An alarming photo has offered grim insight into growing tensions between Ukraine and Russia as both nations accuse the other of violating a ceasefire agreement.
Images showing tanks rolling into eastern Ukrainian cities of Donetsk and Luhansk in Donbass have been circulating online in recent days as the country accuses Moscow of ramping up provocations in border regions.
Donetsk and Luhansk are held by Russian-backed separatists — rebel Ukrainians who have formed a militia under the command of pro-Russian commander, Igor Girkin.
Ukraine capital Kiev has been locked in a conflict with the Russian-backed separatists since 2014, with Russian troop movement detected this week in annexed Crimea and on the border, near territories controlled by the separatists.
Russia warned on Thursday that a serious escalation in the conflict in Donbass could "destroy" Ukraine as NATO voiced concern over what it said was a big Russian military build-up near eastern Ukraine.
Unverified social media footage has suggested Russia has been moving large quantities of tanks, armoured personnel carriers and other equipment to regions that border Ukraine as well as to Crimea, which Moscow annexed from Ukraine in 2014.
Ukrainian President Volodymyr Zelensky's ministers on Thursday (local time) discussed the escalating security situation with Western allies including US Secretary of Defence Lloyd Austin.
"Muscle-flexing in the form of military exercises and possible provocations along the border are traditional Russian games," Zelensky said in a statement.
He accused Moscow of seeking to create "a threatening atmosphere" as Kiev hopes to resume the ceasefire, which was brokered last year.
The US State Department said it was "absolutely concerned by recent escalations of Russian aggressive and provocative actions in eastern Ukraine".
"What we would object to are aggressive actions that have an intent of intimidating, or threatening, our partner Ukraine," State Department spokesman Ned Price told reporters.
Some observers say the reported Russian troop buildup is a test for the administration of US President Joe Biden, who caused an uproar in Moscow last month by calling his Russian counterpart Vladimir Putin a "killer".
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This week, Moscow and Kiev blamed each other for a rise in violence between government forces and Kremlin-backed separatists in eastern Ukraine, which has undermined the ceasefire.
Zelensky said 20 Ukrainian servicemen had been killed and 57 wounded since the start of the year.
Separately, the military announced that a Ukrainian soldier was wounded in an attack it blamed on separatists.
'Ready for an offensive'
On Thursday, Austin, the US Secretary of Defence, called his Ukrainian counterpart Andriy Taran, Ukraine's defence ministry said.
Austin said during the call that Washington would "not leave Ukraine alone in the event of escalating Russian aggression", the ministry said.
Ukrainian Foreign Minister Dmytro Kuleba discussed the "aggravation by the Russian Federation of the security situation" on the frontline with his Canadian counterpart Marc Garneau.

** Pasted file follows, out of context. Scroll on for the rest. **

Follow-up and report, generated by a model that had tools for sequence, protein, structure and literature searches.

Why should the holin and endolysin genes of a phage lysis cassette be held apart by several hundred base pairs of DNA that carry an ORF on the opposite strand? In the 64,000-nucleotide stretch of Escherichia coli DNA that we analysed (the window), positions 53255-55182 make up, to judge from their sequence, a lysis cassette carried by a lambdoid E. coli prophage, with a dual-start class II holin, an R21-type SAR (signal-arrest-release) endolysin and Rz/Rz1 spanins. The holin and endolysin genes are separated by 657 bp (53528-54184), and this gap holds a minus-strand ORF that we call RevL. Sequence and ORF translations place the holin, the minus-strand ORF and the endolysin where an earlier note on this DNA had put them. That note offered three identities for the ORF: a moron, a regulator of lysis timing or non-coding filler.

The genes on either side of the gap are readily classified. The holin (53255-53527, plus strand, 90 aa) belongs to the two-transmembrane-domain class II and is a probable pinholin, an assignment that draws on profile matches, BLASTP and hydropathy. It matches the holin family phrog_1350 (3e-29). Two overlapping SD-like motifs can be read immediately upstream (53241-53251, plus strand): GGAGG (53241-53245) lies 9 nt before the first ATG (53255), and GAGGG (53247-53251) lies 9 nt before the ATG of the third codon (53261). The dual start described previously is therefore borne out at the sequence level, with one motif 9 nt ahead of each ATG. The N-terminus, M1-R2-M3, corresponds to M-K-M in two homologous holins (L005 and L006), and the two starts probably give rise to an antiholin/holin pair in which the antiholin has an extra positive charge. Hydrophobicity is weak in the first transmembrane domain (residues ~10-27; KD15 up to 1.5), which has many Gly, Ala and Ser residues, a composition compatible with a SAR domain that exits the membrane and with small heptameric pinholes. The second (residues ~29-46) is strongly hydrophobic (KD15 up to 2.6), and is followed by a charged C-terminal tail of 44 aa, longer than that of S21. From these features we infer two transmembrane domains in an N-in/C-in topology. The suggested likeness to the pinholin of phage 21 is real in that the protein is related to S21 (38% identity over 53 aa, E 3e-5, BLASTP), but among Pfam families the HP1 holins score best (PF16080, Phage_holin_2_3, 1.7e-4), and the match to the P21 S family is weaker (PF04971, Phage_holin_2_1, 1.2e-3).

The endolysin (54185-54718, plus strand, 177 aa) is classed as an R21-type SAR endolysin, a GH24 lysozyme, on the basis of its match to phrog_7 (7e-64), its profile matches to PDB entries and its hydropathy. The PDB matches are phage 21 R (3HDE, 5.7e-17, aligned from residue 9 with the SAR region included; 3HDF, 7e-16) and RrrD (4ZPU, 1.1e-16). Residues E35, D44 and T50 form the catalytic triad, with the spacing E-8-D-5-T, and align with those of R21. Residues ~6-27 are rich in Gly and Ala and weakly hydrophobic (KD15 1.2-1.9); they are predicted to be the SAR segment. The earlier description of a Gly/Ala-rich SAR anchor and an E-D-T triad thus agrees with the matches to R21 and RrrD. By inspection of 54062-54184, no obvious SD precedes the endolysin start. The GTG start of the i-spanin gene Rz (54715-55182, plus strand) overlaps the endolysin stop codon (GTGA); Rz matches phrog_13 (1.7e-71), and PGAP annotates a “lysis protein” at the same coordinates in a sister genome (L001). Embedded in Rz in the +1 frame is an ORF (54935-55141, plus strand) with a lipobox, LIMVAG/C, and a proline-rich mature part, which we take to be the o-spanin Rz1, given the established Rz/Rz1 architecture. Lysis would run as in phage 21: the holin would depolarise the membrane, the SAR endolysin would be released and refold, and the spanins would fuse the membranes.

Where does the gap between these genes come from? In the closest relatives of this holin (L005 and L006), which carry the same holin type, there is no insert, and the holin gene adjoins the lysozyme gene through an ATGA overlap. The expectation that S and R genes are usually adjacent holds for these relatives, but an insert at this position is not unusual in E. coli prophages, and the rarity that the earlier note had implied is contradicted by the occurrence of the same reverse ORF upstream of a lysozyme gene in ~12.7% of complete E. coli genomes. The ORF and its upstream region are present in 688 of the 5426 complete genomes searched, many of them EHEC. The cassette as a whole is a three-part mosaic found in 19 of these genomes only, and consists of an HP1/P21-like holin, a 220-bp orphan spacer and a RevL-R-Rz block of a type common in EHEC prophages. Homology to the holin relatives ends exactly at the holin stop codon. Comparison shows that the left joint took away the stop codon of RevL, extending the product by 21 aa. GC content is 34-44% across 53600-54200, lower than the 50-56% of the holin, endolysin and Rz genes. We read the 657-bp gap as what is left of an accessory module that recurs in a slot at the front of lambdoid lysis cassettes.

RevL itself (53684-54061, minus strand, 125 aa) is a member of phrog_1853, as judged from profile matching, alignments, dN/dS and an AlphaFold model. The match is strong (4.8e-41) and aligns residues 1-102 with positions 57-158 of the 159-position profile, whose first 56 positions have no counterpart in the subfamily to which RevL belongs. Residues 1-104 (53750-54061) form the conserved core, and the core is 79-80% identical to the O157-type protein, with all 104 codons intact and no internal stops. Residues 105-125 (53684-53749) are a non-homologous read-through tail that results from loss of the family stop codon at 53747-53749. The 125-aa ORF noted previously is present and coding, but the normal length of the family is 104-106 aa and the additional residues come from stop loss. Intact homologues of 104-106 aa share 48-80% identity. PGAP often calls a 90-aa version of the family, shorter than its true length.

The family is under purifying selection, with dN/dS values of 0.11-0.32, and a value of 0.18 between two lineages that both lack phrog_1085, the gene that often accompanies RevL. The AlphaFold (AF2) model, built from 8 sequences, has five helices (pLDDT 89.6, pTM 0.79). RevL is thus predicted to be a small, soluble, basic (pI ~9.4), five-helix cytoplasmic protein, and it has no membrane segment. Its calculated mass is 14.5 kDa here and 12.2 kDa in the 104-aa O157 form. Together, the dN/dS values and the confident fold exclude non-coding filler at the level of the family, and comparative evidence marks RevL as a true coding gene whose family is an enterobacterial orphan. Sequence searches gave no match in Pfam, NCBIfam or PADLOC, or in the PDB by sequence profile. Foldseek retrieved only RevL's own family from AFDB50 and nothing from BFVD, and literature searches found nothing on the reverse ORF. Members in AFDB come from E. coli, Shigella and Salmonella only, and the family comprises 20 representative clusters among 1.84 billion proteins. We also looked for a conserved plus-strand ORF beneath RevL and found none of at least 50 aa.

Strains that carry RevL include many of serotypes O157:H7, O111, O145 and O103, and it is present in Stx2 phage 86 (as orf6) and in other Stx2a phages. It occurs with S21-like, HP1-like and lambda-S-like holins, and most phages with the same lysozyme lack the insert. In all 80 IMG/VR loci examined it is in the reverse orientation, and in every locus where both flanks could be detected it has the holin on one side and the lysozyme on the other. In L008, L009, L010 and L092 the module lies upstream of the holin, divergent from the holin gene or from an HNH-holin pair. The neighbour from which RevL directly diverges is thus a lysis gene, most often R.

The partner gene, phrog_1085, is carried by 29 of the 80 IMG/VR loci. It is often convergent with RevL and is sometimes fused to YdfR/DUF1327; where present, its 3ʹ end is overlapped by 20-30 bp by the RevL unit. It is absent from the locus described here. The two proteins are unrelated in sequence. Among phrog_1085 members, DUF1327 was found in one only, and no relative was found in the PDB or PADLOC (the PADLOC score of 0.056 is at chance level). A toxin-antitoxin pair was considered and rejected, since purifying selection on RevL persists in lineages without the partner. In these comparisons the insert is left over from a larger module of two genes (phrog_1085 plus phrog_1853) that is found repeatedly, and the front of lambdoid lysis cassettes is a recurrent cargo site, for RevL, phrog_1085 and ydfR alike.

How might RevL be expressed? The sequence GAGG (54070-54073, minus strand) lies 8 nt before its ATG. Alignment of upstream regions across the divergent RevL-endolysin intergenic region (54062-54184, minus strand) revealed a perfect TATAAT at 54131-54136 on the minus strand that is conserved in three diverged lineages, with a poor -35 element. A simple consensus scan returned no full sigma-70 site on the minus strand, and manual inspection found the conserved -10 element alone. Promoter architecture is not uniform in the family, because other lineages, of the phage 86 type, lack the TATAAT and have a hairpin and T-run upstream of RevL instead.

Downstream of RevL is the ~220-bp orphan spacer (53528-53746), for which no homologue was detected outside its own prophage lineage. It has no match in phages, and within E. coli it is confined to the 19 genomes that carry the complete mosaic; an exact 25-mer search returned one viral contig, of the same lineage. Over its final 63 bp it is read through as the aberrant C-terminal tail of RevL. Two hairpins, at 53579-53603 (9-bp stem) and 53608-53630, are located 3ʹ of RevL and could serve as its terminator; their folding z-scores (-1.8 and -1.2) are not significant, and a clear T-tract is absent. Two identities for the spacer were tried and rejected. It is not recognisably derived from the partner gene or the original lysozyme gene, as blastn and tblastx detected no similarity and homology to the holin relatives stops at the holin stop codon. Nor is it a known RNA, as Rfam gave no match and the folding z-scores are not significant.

Ukraine's military intelligence accused Russia of preparing to "expand its military presence" in the separatist-controlled eastern regions of Donetsk and Lugansk.
In a statement, the intelligence service said it "does not rule out" an attempt by Russian forces to move "deep into Ukrainian territory".
A high-ranking Ukrainian government official, speaking on condition of anonymity, claimed that the Russian army was practising "military coordination" with separatists.
"From mid-April their combat units will be ready for an offensive," the official told AFP.
West should not 'worry'
Moscow has repeatedly denied sending troops and arms to buttress the separatists and Putin's spokesman stressed on Thursday that Moscow is at liberty to move troops across its territory.
"The Russian Federation moves its armed forces within its territory at its discretion," spokesman Dmitry Peskov told reporters, but he did not directly confirm a troop build-up on the Ukrainian border.
He added that "it should not worry anyone and does not pose a threat to anyone".
The war in eastern Ukraine broke out in 2014 when Russia annexed the Crimean peninsula following a bloody uprising that ousted Ukraine's Kremlin-friendly president Viktor Yanukovych.
On Wednesday, the Pentagon said US forces in Europe had raised their alert status following the "recent escalations of Russian aggression in eastern Ukraine".
Mark Milley, chairman the US Joint Chiefs of Staff, also spoke with his Russian and Ukrainian counterparts, Valery Gerasimov and Ruslan Khomchak.
Khomchak said this week that 28,000 separatist fighters and "more than 2,000 Russian military instructors and advisers" are currently stationed in eastern Ukraine.
On Thursday, the deputy head of Zelensky's office, Roman Mashovets, called for joint drills with NATO forces to "help stabilise the security situation".
Zelensky was elected in 2019 promising to end the years-long conflict, but critics say a shaky ceasefire was his only tangible achievement.
The fighting has claimed more than 13,000 lives since 2014, according to the United Nations.
With AFP and Reuters
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